Marie Chisholm-Burns, dean of the College of Pharmacy at the University of Tennessee Health Science Center in Memphis, received the 2013 Literature Award for Sustained Contributions from the American Society of Health-System Pharmacists Research and Education Foundation. The award honors important contributions of published works in the biomedical field.
Dr. Chisholm-Burns has been dean of the College of Pharmacy at the UTHSC since 2011. Previously, she was a professor and chair of the department of pharmacy practice and science at the University of Arizona. Dr. Chisholm-Burns is a graduate of Georgia College and State University in Milledgeville, where she majored in biology and psychology. She holds a bachelor’s degree and a doctorate in pharmacy from the University of Georgia and a master of public health degree from Emory University in Atlanta.
Julius Chambers, the former chancellor of North Carolina Central University who died this past August, was the second person to be awarded the Spirit of North Carolina Award. The award is given to state employees who have mentored others in the pursuit of excellence. The only other winner of the award was Kay Yow in 2007. She coached the women’s basketball team at North Carolina State University.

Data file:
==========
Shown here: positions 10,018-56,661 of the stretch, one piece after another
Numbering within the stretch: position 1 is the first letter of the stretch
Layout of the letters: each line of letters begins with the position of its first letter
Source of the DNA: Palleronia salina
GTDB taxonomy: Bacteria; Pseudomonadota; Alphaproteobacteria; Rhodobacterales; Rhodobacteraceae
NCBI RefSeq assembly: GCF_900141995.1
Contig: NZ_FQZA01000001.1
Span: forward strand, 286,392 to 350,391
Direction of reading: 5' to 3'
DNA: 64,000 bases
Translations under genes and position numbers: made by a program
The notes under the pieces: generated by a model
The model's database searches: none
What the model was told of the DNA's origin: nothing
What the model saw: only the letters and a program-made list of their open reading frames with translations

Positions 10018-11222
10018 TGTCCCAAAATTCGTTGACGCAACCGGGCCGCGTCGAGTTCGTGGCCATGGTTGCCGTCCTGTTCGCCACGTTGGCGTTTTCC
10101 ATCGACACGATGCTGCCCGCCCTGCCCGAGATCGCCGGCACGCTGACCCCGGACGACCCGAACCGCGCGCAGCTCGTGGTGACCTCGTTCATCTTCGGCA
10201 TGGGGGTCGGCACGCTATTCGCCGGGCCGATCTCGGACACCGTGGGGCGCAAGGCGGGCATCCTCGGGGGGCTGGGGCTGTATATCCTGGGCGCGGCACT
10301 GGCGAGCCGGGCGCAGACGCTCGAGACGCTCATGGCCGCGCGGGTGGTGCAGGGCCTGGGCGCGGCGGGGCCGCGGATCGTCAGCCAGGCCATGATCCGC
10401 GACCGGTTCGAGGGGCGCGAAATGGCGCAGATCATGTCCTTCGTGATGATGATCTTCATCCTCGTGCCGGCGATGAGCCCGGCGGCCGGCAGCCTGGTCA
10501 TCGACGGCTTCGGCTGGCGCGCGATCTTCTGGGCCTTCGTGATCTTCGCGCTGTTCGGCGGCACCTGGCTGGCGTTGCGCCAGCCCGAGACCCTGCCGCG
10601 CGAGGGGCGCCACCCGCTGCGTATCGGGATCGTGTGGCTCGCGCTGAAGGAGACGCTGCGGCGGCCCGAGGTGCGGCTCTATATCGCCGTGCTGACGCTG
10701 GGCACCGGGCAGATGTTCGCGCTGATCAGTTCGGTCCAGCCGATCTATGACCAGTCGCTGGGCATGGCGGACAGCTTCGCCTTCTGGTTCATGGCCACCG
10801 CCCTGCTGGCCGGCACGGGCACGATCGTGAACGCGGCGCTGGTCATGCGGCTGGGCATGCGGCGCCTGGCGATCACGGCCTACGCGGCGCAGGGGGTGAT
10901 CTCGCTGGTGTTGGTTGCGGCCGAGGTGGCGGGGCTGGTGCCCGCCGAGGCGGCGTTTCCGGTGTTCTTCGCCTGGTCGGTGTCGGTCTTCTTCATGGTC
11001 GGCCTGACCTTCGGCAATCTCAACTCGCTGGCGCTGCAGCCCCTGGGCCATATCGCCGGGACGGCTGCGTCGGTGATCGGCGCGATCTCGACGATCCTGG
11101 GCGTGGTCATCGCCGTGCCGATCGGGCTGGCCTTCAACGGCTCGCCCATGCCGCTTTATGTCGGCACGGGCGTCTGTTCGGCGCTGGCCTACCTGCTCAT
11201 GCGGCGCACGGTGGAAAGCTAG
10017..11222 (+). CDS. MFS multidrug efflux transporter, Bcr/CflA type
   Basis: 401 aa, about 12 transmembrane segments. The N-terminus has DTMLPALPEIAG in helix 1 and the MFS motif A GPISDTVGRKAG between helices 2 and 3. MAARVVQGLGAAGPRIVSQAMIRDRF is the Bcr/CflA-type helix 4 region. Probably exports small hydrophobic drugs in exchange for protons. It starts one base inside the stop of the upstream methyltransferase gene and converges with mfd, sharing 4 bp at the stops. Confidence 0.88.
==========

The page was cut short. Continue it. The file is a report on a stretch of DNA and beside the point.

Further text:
Dr. Chambers was a summa cum laude graduate of what is now North Carolina Central University. He held a master’s degree in history and a law degree from the University of North Carolina at Chapel Hill, where he graduated first in his class and was editor of the law review. He later earned a master’s degree in law from Columbia.
While practicing civil rights law in Charlotte during the 196os, his home, his office, and his car were bombed. From 1984 to 1993, Chambers was director-counsel and president of the Legal Defense Fund. He served as chancellor of North Carolina Central University from 1993 to 2001. Later he was a clinical professor of law and director of the Center for Civil Rights at University of North Carolina School of Law.